Skip to content

Indigenous groups enduring four-day fast to raise TMX construction concerns near Coquitlam

'Fast For The Fraser' follows the events of May 2021 when anti-pipeline supporters held prayer circles in Maquabeak Park.
Water ceremony Fin Donnelly photo
Indigenous leaders host a ceremony at Maquabeak Park in Coquitlam to express concerns about an oil pipeline being drilled under the Fraser River.

The Trans Mountain pipeline remains a key topic of political conversation during the 2021 federal election.

Those against the $12.6-billion project are set to undergo a four-day ceremonial fast in hopes federal leaders can understand why they believe the pipeline shouldn't be built.

The Union of BC Indian Chiefs (UBCIC) is organizing the awareness campaign by gathering in Maquabeak Park, which is just underneath the Port Mann Bridge on the Coquitlam side. The fast is scheduled to begin at noon tomorrow (Sept. 7) and ending at noon on Sept. 10.

"TMX plans to divert 26 million litres of Fraser River water and drill a large hole beneath the river to build a pipeline from the tar sands," reads a UBCIC release sent to the Tri-City News.

"This project, if allowed to continue, will have devastating and irreversible impacts on salmon, fish, and Indigenous culture and welfare."

The new initiative — dubbed Fast For the Fraser — comes more than three months after several spiritual groups joined Indigenous Nations at the same park to block the continued construction of the Trans Mountain pipeline. Stages were set in Coquitlam, New Westminister and Burnaby.

Some activists also showed concerns that hummingbird nests at Colony Farm Regional Park will be affected by pipeline project staging taking place there.

However, Trans Mountain says the Colony Farm work is not effected by the stop-work order in Burnaby.

"Trans Mountain will proceed with any work in the area not subject to restrictions of the Order and our work on the Expansion Project continues in all other regions and areas," a spokesperson stated in an email.

However, protesters are concerned about the impact of pipeline construction on salmon as well as the Nooksack dace, a fish designated as endangered under the species at risk act.

“Canada is gambling the Fraser River to squeeze a few more dollars out of the tar sands before they are going to have to be shut down," stated Kukpi7 Judy Wilson, Executive Board member of the Union of B.C. Indian Chiefs and one of the matriarchs who held the ceremony.

"The writing is on the wall. Canada continues to build this pipeline without the consent of many Indigenous communities, risking the salmon, the whales and the very foundations of Indigenous life."

The UBCIC believes "global climate collapse" will also be imminent if TMX is built, citing the three heat waves the Tri-Cities endured this past summer along with the smoke from B.C. wildfires as major contributors.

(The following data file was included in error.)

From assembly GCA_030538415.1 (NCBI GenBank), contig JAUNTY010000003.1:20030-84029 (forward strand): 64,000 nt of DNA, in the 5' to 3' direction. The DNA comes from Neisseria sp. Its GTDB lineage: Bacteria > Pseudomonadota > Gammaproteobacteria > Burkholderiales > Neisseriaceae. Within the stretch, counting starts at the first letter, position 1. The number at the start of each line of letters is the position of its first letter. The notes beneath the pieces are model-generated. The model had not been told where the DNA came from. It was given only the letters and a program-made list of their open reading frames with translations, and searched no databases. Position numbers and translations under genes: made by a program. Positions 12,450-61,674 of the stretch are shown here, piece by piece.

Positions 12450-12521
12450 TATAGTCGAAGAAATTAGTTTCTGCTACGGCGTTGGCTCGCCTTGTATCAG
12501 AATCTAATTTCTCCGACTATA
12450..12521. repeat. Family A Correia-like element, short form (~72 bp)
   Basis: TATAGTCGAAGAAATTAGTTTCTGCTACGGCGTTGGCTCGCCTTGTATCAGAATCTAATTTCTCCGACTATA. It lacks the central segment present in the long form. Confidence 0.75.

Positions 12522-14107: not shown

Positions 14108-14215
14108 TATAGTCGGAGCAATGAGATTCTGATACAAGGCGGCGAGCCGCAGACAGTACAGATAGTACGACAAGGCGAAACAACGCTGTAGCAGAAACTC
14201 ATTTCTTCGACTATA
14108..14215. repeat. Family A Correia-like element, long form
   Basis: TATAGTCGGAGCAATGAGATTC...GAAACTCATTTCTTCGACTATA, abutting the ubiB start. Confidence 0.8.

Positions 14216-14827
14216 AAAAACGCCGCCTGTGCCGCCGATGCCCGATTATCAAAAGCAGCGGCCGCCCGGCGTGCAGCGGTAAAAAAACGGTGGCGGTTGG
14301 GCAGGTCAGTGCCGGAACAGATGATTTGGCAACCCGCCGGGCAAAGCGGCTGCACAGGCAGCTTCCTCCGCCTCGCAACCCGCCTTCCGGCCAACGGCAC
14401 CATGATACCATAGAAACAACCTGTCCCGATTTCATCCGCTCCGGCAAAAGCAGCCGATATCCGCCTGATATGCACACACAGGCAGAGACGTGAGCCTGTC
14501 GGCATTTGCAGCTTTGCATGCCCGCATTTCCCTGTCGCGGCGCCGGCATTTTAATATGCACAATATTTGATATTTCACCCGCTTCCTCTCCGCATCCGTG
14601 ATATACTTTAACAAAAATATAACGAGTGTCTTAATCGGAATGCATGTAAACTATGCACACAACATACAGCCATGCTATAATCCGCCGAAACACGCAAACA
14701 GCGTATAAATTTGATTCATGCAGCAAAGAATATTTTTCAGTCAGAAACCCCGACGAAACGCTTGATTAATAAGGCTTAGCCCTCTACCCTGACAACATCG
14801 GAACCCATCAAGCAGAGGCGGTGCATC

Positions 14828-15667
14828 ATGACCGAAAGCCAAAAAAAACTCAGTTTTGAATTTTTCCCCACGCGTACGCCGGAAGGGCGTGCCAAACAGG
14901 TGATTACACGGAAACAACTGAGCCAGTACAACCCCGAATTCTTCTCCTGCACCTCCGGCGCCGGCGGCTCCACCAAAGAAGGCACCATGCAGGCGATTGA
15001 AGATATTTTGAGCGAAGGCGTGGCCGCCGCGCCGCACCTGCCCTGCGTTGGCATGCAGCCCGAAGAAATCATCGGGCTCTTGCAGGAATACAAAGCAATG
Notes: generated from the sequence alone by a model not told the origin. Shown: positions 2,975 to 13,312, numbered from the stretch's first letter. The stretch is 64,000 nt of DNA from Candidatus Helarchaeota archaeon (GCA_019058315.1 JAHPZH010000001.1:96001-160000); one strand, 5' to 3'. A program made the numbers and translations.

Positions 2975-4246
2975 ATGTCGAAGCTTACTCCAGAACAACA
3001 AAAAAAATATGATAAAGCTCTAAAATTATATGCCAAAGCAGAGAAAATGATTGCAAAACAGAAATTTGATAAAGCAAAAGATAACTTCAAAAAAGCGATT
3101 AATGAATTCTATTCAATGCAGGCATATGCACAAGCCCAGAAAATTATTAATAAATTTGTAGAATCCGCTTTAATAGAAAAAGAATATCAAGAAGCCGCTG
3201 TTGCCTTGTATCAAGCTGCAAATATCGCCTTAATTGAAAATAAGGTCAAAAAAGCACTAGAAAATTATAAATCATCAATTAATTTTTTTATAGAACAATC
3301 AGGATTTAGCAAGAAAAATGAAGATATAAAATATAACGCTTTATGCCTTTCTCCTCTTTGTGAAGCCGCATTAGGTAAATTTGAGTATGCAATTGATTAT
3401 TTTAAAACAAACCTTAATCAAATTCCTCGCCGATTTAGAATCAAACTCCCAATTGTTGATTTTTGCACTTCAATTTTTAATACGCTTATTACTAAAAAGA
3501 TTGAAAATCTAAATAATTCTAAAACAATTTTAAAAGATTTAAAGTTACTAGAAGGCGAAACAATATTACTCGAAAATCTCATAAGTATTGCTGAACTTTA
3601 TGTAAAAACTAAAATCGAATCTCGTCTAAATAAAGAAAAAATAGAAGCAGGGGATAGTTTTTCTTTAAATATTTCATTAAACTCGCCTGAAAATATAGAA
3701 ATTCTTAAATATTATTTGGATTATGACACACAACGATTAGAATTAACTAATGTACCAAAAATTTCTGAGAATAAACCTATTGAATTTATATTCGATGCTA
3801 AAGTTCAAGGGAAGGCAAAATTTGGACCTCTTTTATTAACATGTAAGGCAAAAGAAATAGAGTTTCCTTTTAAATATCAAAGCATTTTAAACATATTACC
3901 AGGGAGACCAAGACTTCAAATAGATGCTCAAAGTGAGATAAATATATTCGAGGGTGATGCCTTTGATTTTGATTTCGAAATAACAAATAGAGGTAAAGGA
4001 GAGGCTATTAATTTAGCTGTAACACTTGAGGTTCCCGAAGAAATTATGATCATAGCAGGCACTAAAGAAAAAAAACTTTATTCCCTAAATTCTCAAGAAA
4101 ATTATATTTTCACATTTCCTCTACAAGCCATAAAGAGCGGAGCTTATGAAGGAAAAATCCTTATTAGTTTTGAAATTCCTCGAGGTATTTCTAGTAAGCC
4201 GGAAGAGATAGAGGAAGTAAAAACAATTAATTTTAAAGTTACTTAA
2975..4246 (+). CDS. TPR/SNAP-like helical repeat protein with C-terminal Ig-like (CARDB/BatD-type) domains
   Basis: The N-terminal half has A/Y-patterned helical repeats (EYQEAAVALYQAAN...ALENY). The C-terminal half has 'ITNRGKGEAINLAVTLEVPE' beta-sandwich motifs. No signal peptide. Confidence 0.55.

Wilson will be joined by Sara Cadeau, Anishnaabe kwe on Tuesday (Sept. 7).


According to statements provided to the Tri-City News, the majority of local candidates for the 2021 federal election are in favour of the Trans Mountain pipeline's continued construction.


  • Katerina Anastasiadis — Conservative
    • We are committed to the construction of the Trans Mountain pipeline with high environmental standards that will provide safe, efficient, and cleaner transport of our natural resources as we work towards alternative energy solutions. The economic benefits of this project will provide vital jobs and tax revenue to our communities. 
  • Kimberly Brundell — People's Party of Canada
    • The PPC supports the building of pipelines that are crucial for our economic development and growth.  We need more innovation in our natural gas industry to make sure we protect our environment without compromising our resource industry which benefits all Canadians.
  • Laura Dupont — NDP
    • I want to be very clear that I oppose the TMX pipeline — and so does Jagmeet Singh. Compare that with Justin Trudeau, who bought the pipeline, and Erin O’Toole who just announced the Conservatives would prioritize building the Northern Gateway pipeline. The NDP will deliver real climate action now. 
  • Ron McKinnon — Liberal
    • I am committed to a net-zero Canada by 2050 and over-performing on our Paris Climate Accord targets which we are on our way to accomplish while completing TMX. It was approved under the most rigorous environmental review, and revenue raised by TMX will be reinvested into our transition toward a green economy.


  • Will Davis — Liberal
    • “Climate action is a top priority. We have implemented a world-leading, comprehensive climate plan - including the first national price on pollution. But we cannot leave thousands of energy sector workers behind. With an ambitious and inclusive plan, we can lead the world’s transition to a low-carbon economy.” 
  • Desta McPherson  People's Party of Canada
    • As of this publication (Sept. 4), McPherson has yet to respond to our question. We will update this article when information becomes available.
  • Nelly Shin — Conservative
    • While I respect the diversity of views on this situation, the Conservative Party supports the building of the Trans Mountain pipeline. I look forward to continuing conversations with residents about our local environmental issues and the enforcement and accountability measures surrounding them. 
  • Bonita Zarrillo  NDP
    • Jagmeet Singh and I oppose TMX. We need urgent climate action, and the Liberals and Conservatives want to take us backward. Justin Trudeau came to the rescue of big corporations when he bought the pipeline. It’s time to elect a leader who puts our planet, our kids and grandkids first.